One sunny afternoon in the Sherman Oaks huge public park on Hazeltine Avenue in the valley, way back in the early nineties, I was momming it with the kid, who was five, when a strange group of people showed up in a nearby picnic area. From a distance, watching them play volleyball, I found it very hard to tell the men from the women. All had long hair, frequently in ponytails, and all were in tight clothing that was shorn of any kind of gender cues in color or style. Bizarre, I thought. Word went round among the other moms and Spanish nannies substituting for moms that these were Clinton reelection campaign workers celebrating their victory.
The Clinton campaign elders did not mingle with us hoi polloi, but one of the little girls came over to the children's park area where there were all kinds of park equipment to play on, including swings.
The protocol that the park kid regulars had evolved for themselves was that if the swings were full, you stood by the anchor poles and waited your turn. We were in that park almost every day and there was never any problem with this. All the kids understood how it worked, waited for a swing to be free, or changed their mind and played on some other of the park apparatus.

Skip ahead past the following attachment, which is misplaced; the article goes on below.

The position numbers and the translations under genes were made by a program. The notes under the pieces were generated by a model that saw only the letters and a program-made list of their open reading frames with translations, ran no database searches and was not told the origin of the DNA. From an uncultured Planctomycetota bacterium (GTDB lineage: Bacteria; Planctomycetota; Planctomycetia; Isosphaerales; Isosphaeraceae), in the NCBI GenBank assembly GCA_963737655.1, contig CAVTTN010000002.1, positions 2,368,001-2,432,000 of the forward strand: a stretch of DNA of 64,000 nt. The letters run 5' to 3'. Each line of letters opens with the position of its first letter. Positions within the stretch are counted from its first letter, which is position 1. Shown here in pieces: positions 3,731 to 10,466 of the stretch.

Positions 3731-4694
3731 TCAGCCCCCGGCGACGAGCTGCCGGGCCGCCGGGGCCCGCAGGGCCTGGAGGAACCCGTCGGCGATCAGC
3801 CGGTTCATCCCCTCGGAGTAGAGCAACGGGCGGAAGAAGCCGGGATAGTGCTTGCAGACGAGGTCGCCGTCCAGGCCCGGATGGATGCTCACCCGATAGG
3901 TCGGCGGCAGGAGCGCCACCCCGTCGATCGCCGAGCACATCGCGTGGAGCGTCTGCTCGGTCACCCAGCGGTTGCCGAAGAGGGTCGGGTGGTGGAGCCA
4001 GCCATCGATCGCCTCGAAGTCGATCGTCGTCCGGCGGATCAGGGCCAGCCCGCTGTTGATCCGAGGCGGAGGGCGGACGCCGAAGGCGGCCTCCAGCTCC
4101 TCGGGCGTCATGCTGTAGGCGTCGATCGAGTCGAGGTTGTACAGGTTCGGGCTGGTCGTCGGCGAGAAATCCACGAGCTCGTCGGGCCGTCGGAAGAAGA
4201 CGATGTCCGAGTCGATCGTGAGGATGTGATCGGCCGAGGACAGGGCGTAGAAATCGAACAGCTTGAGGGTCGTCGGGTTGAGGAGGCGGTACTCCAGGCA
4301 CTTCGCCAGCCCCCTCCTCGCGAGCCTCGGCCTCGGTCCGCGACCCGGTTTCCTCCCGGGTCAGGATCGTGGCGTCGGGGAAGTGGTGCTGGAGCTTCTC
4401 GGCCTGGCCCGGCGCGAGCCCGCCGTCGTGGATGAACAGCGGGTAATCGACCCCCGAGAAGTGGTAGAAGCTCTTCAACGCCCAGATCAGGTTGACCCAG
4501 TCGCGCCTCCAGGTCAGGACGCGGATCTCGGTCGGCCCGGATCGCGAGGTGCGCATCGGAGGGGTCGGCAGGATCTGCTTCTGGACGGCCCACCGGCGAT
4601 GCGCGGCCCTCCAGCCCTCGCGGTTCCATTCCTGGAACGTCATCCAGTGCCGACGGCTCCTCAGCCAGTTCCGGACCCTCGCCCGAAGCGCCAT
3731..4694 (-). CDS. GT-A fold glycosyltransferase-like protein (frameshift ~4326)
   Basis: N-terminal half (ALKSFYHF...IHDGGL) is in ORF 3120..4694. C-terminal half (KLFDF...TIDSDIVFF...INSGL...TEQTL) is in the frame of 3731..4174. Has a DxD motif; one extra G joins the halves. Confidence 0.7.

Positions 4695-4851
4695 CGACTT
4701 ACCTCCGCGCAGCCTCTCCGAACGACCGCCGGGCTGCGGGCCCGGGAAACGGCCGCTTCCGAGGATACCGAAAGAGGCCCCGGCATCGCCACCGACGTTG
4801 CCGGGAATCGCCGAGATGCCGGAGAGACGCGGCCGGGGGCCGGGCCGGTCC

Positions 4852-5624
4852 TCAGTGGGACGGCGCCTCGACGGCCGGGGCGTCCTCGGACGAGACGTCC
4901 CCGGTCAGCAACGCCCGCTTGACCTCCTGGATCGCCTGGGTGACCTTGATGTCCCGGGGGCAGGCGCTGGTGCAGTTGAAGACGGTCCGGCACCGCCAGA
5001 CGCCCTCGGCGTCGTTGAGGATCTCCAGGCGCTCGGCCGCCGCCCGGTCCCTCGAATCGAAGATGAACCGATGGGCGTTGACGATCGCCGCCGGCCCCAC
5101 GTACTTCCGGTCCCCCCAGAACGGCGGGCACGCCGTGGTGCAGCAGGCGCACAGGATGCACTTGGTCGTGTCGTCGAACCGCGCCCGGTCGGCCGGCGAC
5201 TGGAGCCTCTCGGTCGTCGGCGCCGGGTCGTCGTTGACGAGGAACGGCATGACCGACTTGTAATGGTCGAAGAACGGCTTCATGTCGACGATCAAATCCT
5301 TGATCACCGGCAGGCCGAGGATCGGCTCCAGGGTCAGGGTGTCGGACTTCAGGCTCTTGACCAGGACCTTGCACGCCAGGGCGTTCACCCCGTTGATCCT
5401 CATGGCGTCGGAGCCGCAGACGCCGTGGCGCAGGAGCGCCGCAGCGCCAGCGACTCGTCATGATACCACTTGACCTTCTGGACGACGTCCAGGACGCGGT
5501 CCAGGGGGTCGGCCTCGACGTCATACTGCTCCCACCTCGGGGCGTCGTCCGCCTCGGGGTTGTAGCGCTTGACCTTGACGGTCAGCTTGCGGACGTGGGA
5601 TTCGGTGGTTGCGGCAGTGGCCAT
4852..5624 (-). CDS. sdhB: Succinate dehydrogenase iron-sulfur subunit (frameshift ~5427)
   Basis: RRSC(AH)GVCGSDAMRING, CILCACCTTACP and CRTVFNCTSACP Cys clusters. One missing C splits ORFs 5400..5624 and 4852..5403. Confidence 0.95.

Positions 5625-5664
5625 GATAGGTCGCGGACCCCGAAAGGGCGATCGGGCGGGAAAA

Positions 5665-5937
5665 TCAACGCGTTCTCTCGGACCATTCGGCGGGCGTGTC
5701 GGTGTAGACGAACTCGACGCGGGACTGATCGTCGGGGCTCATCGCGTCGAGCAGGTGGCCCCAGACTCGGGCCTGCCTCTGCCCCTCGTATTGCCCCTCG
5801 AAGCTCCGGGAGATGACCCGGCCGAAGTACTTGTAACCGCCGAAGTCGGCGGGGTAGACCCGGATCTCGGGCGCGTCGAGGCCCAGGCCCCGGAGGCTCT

But, this Clinton election kid wasn't a park regular. As one of the swings became free, she raced after it, grabbed it for herself, and plopped herself onto the seat. My son who had been patiently waiting his turn by the side, came over to her and very politely explained that when people wanted a swing they waited for a turn by the side until one was free. He pointed to show her where she could go and wait her turn.
She gave him a haughty look and informed him that it was her swing and she wasn't going to let him have it and if he tried to take it away, she'd go get her mommy who would sue him. Whereupon she put her nose high in the air and prepared to swing.
You may wonder that I remember this, but who could forget a six year old child threatening to sue over a swing? I knew we were in deep trouble as a nation when I looked at those creepy lawyer types celebrating the victory of equally creepy Bill Clinton. But it was what came next that taught me to trust my son, pop culture and human nature to come through when it counts.
My five year old son looked a bit miffed. Then he gave her a dismissive look, drew himself up and said, "S'cuse me, Princess," delivering the perfect Han Solo put down, imitating his hero. Then he turned and walked away with great dignity. He's still a STAR WARS fan and God Bless him and all the boys who admired Han Solo, and God Bless STAR WARS.